I know you're joking, but it's true. We humans never get invited to galactic parties. We have a bad reputation in the Milky Way.
And Jedi Knights don't help us enough about this!

And I called my dog "Obi wan Kenobi"!

I have to talk with Jedi Knights ...
 

tomar

Ad Honoris
Jan 2011
14,030
It is a funny phenomena. One thing I see is people getting outraged on behalf of other people.

.
Yes, it is rather strange..... People are mostly selfish, so it is not clear why those who are not part of a minority get so vocal "defending" that minority (and often times that minority itself does not care at all about the issue, or cares much less than those who are vocal about the issue though they are not part of the minority)

or perhaps it is a sort of "well I can't do this so anyone else who does it must be bad" reasoning ? or is it a sense of power "I can force these guys to do my bidding by launching accusations at them" ?
 

Iraq Bruin

Ad Honorem
Oct 2010
5,197
DC
Yes, it is rather strange..... People are mostly selfish, so it is not clear why those who are not part of a minority get so vocal "defending" that minority (and often times that minority itself does not care at all about the issue, or cares much less than those who are vocal about the issue though they are not part of the minority)

or perhaps it is a sort of "well I can't do this so anyone else who does it must be bad" reasoning ? or is it a sense of power "I can force these guys to do my bidding by launching accusations at them" ?
just in case things are muddled in the discussion: it is a white people group A hate for white people group B.

The tactic is to use any group X (minority, religion, gender, sexual identity, immigrants, and the silent environment of our planet), tell group X that ALL their problems are not individual but systematic Group B exclusive-fault; Then, attempt to empower the radical, vocal, and intolerant elements of said group(s) in an attempt to self validate, then attempt to silence members of such group who exhibit any natural human inclination to have a disagreeing opinion.

1-Shows their own bigotry: it completely displays a paternal lack of respect to people as individual and as groups.
2-Shows their disdain for self-reflection by others and hinders any intra-group discussion about internal issues/problems/aspirations said group might want.

It is still colonialist in its' mindset while also exhibiting an ideological disdain for measured ranking individuals on anything (job applications, schools, sports, credit score, ..etc). I will leave you to the origin of said disdain, a disdain that has finally figured that no matter what measure we use for anything, there will be people in the top half and people in the bottom half.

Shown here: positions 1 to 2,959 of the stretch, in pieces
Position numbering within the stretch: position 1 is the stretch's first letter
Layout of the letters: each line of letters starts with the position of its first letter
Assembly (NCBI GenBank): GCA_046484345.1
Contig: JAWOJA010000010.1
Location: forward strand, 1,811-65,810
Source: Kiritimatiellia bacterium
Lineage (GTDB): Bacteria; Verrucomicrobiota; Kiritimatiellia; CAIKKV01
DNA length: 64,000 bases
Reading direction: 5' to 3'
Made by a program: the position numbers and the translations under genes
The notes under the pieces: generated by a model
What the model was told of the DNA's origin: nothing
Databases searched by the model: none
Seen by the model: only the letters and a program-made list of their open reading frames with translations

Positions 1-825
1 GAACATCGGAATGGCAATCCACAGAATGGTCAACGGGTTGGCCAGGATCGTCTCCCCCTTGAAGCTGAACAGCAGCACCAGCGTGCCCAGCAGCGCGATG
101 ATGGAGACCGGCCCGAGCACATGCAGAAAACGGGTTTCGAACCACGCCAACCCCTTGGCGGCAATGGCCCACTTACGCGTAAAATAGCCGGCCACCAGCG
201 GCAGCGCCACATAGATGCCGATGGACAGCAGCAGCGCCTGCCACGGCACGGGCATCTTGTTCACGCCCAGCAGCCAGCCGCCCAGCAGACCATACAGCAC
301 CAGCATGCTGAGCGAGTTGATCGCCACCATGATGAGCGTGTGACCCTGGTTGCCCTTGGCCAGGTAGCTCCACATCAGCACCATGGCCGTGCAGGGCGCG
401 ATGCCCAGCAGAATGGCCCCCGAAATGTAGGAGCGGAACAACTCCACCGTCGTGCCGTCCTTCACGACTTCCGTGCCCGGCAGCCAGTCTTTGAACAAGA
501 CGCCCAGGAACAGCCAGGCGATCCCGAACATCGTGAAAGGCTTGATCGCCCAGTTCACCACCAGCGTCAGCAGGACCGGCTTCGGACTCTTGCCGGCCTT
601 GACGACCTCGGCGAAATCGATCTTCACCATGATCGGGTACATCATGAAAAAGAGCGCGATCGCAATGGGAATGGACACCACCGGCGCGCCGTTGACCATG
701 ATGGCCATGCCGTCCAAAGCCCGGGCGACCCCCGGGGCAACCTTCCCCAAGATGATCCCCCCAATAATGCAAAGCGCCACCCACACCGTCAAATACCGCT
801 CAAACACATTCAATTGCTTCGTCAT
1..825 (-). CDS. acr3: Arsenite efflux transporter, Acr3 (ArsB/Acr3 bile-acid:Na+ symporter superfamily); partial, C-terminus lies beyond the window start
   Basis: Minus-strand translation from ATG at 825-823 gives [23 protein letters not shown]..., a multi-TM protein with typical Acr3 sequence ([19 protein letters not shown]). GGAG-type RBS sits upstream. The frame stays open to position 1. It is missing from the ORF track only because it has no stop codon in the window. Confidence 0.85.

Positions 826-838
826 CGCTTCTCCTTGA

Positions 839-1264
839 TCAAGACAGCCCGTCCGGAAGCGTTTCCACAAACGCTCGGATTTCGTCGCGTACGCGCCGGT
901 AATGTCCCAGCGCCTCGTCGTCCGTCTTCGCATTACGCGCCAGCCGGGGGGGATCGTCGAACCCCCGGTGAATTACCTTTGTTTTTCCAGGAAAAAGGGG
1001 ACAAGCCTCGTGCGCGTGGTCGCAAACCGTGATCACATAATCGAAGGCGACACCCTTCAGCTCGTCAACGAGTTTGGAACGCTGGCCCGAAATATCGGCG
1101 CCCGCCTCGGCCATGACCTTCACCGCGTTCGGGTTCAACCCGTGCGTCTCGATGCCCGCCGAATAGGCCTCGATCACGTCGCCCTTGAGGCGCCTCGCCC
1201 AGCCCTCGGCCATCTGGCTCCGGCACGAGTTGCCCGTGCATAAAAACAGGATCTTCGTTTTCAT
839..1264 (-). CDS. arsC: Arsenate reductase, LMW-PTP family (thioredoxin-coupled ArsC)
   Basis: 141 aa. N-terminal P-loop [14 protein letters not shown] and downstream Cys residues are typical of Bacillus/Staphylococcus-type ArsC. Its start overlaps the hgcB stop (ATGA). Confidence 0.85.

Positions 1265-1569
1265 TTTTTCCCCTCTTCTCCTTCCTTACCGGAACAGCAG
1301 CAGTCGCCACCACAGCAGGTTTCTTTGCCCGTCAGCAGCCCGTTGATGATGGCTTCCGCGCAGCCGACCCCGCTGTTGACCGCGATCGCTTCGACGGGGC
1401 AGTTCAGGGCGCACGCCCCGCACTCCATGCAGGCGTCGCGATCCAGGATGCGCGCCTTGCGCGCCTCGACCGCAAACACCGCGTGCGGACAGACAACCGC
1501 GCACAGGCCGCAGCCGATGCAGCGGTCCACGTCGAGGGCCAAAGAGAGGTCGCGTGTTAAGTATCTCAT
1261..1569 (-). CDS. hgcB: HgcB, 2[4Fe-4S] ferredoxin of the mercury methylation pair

I have not figured out which group the brown-face is supposed to represent in this instance.
 

MG1962a

Ad Honorem
Mar 2019
2,161
Kansas
Yes, it is rather strange..... People are mostly selfish, so it is not clear why those who are not part of a minority get so vocal "defending" that minority (and often times that minority itself does not care at all about the issue, or cares much less than those who are vocal about the issue though they are not part of the minority)

or perhaps it is a sort of "well I can't do this so anyone else who does it must be bad" reasoning ? or is it a sense of power "I can force these guys to do my bidding by launching accusations at them" ?

I think it is a mix of both. The Canadian thing is 100% politically motivated

And the door definitely does not swing both ways. As an immigrant to the US, I have to deal with endless Steve Irwin, Croc Dundee and Fosters beer jokes about Australia. Or we could go to the extreme and boycott Larry The Cable Guy. A man who acts as a stupid ignorant opinionated Southern redneck, who in reality is a highly articulate college educated Nebraskan.

But apparently that does not offend the right people.
 

tomar

Ad Honoris
Jan 2011
14,030
I think it is a mix of both. The Canadian thing is 100% politically motivated

And the door definitely does not swing both ways. As an immigrant to the US, I have to deal with endless Steve Irwin, Croc Dundee and Fosters beer jokes about Australia. Or we could go to the extreme and boycott Larry The Cable Guy. A man who acts as a stupid ignorant opinionated Southern redneck, who in reality is a highly articulate college educated Nebraskan.